Authors: Young Women’s Empowerment Project, 2009
Citation (MLA): Young Women’s Empowerment Project. Girls Do What They Have to Do to Survive: Illuminating Methods Used by Girls in the Sex Trade and Street Economy to Fight Back and Heal. Chicago, 2009.
Youth activist summary:
This research is for US. It’s for YOU and for all girls, including transgender girls, and young women, including trans women involved in the sex trade and street economy.
This research study was created by girls, collected by girls, and analyzed by girls.
We did this because this is OUR LIVES. Who knows us better than us?
We did this to prove that we care–that we are capable of resisting violence in a multitude of ways.
We take care of ourselves and heal in whatever way feels best for us—whether society approves of it or not.
This research study honors all of the ways we fight back (resistance) and our healing (resilience) methods.
We proved that we do face violence but we are not purely victims. We are survivors. We can take care of ourselves and we know what we need.
This research is a response to all of those researchers, doctors, government officials, social workers, therapists, journalists, foster care workers and every other adult who said we were too messed up or that we needed to be saved from ourselves.
The next time someone tells you that you don’t know what’s best for you, look towards our tool kit for inspiration. We wrote the tool kit with the intent of giving you ideas about how girls have survived this life—not to tell you what to do.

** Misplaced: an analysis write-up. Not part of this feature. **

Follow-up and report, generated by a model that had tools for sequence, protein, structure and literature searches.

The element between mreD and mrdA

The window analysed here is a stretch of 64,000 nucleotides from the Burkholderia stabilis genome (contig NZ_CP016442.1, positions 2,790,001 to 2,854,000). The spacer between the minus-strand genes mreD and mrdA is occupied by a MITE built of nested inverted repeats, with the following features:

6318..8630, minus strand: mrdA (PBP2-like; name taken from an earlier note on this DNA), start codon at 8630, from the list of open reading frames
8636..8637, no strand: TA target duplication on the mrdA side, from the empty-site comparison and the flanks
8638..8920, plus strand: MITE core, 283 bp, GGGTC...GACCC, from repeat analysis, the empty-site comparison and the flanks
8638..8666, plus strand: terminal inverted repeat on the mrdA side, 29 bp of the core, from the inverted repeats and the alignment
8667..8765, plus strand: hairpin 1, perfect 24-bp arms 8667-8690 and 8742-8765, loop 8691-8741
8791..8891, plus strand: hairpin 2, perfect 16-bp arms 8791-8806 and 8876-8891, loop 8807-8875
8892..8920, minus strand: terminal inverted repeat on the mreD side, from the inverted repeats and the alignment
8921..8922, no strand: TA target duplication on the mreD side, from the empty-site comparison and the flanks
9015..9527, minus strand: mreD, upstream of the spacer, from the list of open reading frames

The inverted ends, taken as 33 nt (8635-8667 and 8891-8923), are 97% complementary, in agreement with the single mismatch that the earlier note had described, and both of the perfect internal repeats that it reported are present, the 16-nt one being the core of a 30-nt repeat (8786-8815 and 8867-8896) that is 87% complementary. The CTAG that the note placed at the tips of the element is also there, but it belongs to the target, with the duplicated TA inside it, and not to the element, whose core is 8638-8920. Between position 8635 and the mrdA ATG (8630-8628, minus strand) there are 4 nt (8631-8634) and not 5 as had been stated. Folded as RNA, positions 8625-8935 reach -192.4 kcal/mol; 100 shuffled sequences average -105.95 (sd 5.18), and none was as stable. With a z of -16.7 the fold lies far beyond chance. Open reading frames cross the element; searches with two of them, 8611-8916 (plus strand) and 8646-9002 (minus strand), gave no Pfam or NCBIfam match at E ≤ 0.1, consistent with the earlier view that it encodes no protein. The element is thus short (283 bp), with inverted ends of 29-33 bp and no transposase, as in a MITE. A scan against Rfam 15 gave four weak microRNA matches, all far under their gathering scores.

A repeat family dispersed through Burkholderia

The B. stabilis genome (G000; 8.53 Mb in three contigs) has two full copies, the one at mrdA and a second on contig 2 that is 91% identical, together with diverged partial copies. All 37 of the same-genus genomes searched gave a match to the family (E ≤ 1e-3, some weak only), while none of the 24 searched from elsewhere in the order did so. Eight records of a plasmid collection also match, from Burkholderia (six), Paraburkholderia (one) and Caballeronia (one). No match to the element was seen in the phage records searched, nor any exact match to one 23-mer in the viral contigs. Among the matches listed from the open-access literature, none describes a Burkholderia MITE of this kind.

We did this. We did the research. And now we are sharing it with you so that you know that girls do what they have to do to survive.
Summary (from “Our Research”):
YWEP began our first experience with Participatory Evaluation Research in 2006. With a grant through the Cricket Island Foundation’s Capacity Building Initiative, we met Catlin Fullwood, an activist, researcher, and trainer. Catlin taught us a research method in which all members of the community could be involved in the development, data collection, and analysis of the research.
Our 2006 research project had three learning questions. We wanted to find out (1) what effect harm reduction was having on our outreach contacts. We also wanted to find out (2) who our allies were and weren’t as a harm reduction based, youth-led social justice project. Lastly, (3) we wanted to learn more about how girls respond to other girls in positions of leadership. For this research project, we did a literature review, several focus groups with YWEP leadership and membership, and we collected over 300 surveys from our outreach contacts across Chicago and Illinois.